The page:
Help protect the places we love, the values we share
In our emails, sent once or twice a week, you'll receive:
• alerts on new threats to New York's environment
• opportunities to join other New Yorkers on urgent actions
• updates on the decisions that impact our environment
• resources to help you create a cleaner, greener future
Solar power is on the rise across America – increasing 350 times since 2002.
Major cities are helping to lead this clean energy revolution. Our new report, Shining Cities:
Harnessing the Benefits of Solar Energy in America, shows that cities from every region of the U.S. are
driving solar development with strong public policies – reaping important benefits for the environment,
public health and the economy. Investing in local solar power installations can help cities and their
residents keep more of their energy dollars at home, creating good local jobs.
Here are some tips for how your city can follow suit.
Young adults in New York are experiencing hotter temperatures and more intense storms than their predecessors did in the 1970’s, according to a new report by Environment New York Research & Policy Center.
As a result of global warming, young Americans today are growing up in a different climate than their parents and grandparents experienced. It is warmer than it used to be. Storms pack more of a punch. Rising seas increasingly flood low-lying land. Large wildfires have grown bigger, more frequent and more expensive to control. People are noticing changes in their own backyards, no matter where they live. Pollution from burning coal, oil and gas is the primary cause of global warming.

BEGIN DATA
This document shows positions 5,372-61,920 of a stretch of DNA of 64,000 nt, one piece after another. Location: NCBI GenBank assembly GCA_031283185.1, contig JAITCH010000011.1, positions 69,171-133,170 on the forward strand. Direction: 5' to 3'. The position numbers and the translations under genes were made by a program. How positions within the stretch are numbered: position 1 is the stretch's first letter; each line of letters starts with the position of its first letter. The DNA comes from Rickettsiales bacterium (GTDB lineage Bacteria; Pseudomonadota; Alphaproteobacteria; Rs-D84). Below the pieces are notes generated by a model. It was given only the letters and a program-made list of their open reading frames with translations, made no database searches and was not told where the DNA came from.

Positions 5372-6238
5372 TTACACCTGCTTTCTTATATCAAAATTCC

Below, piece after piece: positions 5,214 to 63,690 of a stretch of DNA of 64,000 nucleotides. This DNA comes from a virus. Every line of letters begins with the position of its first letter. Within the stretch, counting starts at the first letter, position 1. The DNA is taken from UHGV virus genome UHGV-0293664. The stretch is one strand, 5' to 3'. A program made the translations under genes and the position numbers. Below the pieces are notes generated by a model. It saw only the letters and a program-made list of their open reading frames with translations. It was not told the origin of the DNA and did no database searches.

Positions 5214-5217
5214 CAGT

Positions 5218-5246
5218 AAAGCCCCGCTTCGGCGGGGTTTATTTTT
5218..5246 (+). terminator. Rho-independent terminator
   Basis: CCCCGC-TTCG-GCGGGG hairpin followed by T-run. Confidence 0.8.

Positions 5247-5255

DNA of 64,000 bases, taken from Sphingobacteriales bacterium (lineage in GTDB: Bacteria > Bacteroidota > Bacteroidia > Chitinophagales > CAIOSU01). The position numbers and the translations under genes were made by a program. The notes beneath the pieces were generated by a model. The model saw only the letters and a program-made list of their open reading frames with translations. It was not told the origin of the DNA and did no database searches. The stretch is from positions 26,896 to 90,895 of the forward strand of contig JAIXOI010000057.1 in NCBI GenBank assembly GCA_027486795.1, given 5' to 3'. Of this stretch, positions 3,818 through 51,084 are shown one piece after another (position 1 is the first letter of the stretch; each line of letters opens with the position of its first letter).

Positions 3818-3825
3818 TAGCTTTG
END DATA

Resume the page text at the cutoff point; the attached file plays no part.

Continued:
New York City ranks 9th for total solar panels in the nation, and 1st in the Mid-Atlantic and New England Regions according to Environment New York Research and Policy Center’s new analysis, Shining Cities: Harnessing the Benefits of Solar Energy in America. The solar stature of the city is owed largely to the clear commitment of the city’s leaders, as well as Governor-Cuomo’s successful NY-SUN Initiative, advocates said today.
“New York City is a star when it comes to solar power,” said Heather Leibowitz, Director of Environment New York. “We hope state leaders and other New York cities will follow this shining example.”
Last month's Shining Cities report detailed how cities are good for solar and solar is good for cities. We've seen some impressive strides across the nation to momentously expand our solar capabilities. But we're not where we need to be yet. To obtain a clean energy future your cities and towns need to do even more. Here's how to push them in the right direction!